Endgame

by

Samuel Beckett

Teachers and parents! Struggling with distance learning? Our Teacher Edition on Endgame can help.

Endgame Study Guide

Welcome to the LitCharts study guide on Samuel Beckett's Endgame. Created by the original team behind SparkNotes, LitCharts are the world's best literature guides.

Brief Biography of Samuel Beckett

Samuel Beckett grew up in Dublin and attended Trinity College, Dublin, where he studied French, English, and Italian. After graduating, he taught in Paris, where he met fellow modernist Irish writer James Joyce and worked on both critical and creative writings. Beckett moved back to Ireland in 1930, when he took up a job as a lecturer at Trinity College. He soon quit the job, though, in 1931, and traveled around Europe, continuing to write. He moved to Paris in 1937, stayed there when World War II began in 1939, and joined French Resistance forces when the Nazis occupied the country. Meanwhile, Beckett continued to write, including a trilogy of well-known novels (Molloy, Malone Dies, and The Unnamable). But it was for his experimental plays that he would become best known, especially Waiting for Godot, which premiered in Paris (in its original French) in 1953. This was followed by more plays, including the equally experimental Endgame. Beckett's literary reputation and acclaim steadily improved in the 1960s, and he was awarded the Nobel Prize for Literature in 1969 (he gave away the prize money). Beckett died in 1989 and was buried in Paris along with his wife.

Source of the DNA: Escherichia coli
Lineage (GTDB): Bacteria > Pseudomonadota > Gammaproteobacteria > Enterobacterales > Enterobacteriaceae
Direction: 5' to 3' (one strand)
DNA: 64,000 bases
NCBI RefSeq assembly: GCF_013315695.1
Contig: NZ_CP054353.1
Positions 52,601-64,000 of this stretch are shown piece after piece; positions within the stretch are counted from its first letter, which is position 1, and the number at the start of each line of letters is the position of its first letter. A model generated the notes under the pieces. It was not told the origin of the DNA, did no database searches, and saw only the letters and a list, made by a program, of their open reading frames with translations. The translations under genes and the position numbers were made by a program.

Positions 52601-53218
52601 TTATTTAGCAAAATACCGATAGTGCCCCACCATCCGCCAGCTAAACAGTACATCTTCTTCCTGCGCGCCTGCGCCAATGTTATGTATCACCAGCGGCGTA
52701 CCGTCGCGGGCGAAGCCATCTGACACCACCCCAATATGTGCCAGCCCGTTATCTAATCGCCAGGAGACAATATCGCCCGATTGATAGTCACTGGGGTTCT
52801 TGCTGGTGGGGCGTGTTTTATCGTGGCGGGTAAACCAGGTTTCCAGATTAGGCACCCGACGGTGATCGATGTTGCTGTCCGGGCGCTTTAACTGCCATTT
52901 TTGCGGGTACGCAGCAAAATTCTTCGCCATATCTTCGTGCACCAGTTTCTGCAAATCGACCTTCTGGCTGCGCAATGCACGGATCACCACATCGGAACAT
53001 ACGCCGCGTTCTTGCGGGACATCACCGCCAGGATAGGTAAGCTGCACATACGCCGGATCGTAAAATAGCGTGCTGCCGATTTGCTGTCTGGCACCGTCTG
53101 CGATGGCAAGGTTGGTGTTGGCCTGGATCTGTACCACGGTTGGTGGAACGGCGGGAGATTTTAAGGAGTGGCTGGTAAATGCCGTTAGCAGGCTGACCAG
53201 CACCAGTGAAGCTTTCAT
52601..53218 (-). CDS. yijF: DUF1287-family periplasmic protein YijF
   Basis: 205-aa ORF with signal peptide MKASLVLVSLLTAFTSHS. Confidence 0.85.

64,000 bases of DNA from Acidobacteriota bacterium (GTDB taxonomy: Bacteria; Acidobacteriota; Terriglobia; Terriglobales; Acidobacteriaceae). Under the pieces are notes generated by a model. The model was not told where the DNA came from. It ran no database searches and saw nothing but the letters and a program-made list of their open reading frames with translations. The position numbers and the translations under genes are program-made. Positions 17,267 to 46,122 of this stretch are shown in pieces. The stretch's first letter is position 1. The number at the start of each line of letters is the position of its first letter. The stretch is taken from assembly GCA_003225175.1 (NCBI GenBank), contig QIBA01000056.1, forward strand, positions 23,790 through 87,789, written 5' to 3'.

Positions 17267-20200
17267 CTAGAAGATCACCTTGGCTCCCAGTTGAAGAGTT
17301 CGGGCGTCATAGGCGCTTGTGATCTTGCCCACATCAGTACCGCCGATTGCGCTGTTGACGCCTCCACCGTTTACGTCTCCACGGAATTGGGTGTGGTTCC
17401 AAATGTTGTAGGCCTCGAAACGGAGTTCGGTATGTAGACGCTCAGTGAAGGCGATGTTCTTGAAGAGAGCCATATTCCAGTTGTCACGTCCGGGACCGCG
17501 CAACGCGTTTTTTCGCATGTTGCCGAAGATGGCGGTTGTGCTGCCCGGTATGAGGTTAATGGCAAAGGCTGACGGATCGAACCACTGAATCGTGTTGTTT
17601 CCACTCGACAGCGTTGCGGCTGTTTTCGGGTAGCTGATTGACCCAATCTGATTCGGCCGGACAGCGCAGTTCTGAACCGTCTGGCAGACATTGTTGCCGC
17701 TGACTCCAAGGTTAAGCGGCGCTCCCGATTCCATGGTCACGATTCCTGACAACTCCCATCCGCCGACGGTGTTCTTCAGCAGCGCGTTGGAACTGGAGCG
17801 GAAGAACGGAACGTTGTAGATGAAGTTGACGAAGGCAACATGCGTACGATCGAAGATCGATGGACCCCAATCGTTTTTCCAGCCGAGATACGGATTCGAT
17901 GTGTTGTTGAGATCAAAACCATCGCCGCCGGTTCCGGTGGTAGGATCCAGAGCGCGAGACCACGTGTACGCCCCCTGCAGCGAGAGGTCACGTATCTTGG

Get the entire Endgame LitChart as a printable PDF.
Endgame.pdf.medium

Historical Context of Endgame

Beckett never clarifies the greater setting in which Endgame takes place. The only thing the audience knows for sure is that the play unfolds in a room with very little furniture and two windows, which look out onto a vast expanse of greyish blackness. Furthermore, Hamm and Clov intimate that life and the world at large have ended, at least beyond the walls of this room. For this reason, Endgame is largely dislocated from both time and place, making it quite difficult to tie it to any significant historical events. Having said that, though, Beckett wrote the play just over a decade after World War II and the Holocaust. Given that these events ravaged the entire world—and especially Europe, where Beckett lived and worked—it’s not unreasonable to suggest that Beckett was influenced by the horror that the Holocaust proved humans were capable of. Indeed, this is perhaps why there is so little hope in Endgame, especially when it comes to humanity achieving any kind of progress. In fact, the vast majority of human life seems to have ended in Endgame, a fact that possibly symbolizes Beckett’s dim view of humankind’s future in the aftermath of the Holocaust.

Other Books Related to Endgame